RADIO FREE EUROPE/Radio Liberty offers regular postings on Central Asia in general and Kazakhstan in particular.
Ways to Travel
A Few Great Starting Places
AIR BNB EXPLORE THE WORLD
Founded in August of 2008 and based in San Francisco, California, Airbnb is a trusted community marketplace for people to list, discover, and book unique accommodations around the world — online or from a mobile phone or tablet.
Whether an apartment for a night, a castle for a week, or a villa for a month, Airbnb connects people to unique travel experiences, at any price point, in more than 34,000 cities and 190 countries. And with world-class customer service and a growing community of users, Airbnb is the easiest way for people to monetize their extra space and showcase it to an audience of millions.
BROADS ABROAD A Travel Network by Women, for Women
Broads Abroad is a female-only online membership-based social network listing opportunities for members to stay free of charge with like-minded women around the world. Imagine being based for three days (recommended stay) at the home of a fellow member who can tell you about the best local haunts, and will provide you with a room, knowing that in your turn you will welcome a member into your own home. Broads Abroad is for independent female travellers who want a new and authentic travel experience.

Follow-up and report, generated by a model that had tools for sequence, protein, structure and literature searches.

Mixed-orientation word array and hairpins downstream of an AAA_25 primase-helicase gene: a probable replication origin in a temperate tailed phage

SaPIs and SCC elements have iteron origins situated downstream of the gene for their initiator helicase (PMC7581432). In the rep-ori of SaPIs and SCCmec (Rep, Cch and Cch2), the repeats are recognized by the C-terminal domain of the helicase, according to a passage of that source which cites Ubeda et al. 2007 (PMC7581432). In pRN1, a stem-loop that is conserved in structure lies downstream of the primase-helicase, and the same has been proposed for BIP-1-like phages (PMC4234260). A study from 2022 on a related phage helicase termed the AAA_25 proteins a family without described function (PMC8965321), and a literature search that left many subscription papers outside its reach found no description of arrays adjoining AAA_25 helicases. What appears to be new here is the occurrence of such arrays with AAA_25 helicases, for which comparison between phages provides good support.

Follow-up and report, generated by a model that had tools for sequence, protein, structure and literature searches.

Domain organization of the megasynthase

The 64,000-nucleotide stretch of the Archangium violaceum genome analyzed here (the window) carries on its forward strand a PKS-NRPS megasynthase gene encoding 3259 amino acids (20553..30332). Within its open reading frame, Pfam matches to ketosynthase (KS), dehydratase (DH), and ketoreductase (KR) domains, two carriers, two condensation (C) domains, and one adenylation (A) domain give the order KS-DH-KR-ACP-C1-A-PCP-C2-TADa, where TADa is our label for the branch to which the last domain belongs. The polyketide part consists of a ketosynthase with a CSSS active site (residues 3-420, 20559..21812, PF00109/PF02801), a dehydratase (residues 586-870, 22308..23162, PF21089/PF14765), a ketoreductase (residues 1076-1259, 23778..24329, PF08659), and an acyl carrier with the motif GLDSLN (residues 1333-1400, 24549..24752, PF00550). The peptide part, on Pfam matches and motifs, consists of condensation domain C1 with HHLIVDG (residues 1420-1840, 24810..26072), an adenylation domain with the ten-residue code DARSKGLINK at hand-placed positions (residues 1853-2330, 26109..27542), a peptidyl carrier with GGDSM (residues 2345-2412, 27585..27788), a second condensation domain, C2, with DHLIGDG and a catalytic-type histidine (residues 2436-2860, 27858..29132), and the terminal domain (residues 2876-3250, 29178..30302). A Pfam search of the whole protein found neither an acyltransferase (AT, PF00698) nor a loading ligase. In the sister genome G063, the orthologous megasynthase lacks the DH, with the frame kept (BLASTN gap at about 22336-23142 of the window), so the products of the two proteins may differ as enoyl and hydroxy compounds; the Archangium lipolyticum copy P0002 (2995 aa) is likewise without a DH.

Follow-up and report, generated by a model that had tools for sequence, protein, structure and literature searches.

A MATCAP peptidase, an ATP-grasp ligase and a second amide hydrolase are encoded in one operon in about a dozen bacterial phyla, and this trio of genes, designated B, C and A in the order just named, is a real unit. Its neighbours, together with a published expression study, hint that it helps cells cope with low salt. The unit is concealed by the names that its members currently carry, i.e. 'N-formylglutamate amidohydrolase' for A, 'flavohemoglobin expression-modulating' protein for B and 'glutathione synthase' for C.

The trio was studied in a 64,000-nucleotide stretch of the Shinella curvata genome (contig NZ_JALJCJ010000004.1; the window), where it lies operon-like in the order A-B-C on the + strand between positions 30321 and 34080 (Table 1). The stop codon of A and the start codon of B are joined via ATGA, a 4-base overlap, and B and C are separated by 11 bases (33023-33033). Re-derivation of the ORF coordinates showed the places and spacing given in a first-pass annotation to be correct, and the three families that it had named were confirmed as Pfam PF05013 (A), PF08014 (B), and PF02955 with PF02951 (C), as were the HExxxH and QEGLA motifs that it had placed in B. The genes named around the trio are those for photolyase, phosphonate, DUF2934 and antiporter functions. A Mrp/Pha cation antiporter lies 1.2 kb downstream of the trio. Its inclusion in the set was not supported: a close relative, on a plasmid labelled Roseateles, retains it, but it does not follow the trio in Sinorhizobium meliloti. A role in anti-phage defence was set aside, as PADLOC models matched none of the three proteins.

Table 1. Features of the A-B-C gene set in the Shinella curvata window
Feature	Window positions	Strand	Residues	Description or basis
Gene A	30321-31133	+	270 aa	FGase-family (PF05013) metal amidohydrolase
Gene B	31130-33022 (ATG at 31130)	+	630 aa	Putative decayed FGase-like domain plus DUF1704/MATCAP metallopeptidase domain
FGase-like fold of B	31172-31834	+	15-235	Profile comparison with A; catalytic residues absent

COUCHSURFING STAY WITH LOCALS AND MAKE TRAVEL FRIENDS
We envision a world made better by travel and travel made richer by connection. Couchsurfers share their lives with the people they encounter, fostering cultural exchange and mutual respect.
Cross-Cultural Solutions is a nonprofit working to address critical global issues by providing meaningful and sustainable volunteer services to international communities, and contributing responsibly to local economies.
It’s time for a new way to travel – a volunteer vacation. Recharge your spirit by discovering a country through its people — immerse yourself in a culture different from your own while you volunteer your time, engage in hands-on cultural workshops, and connect with fascinating people.
Experience a country in a way that other tours can’t provide. You’ll see the sights, but also dive beneath the surface to truly understand life in a new land – and return home inspired.
The Discover Corps experience explores local people, indigenous culture, historical artifacts, and regional food. Journey to our featured countries and embark on roads less traveled — the ultimate adventure awaits you.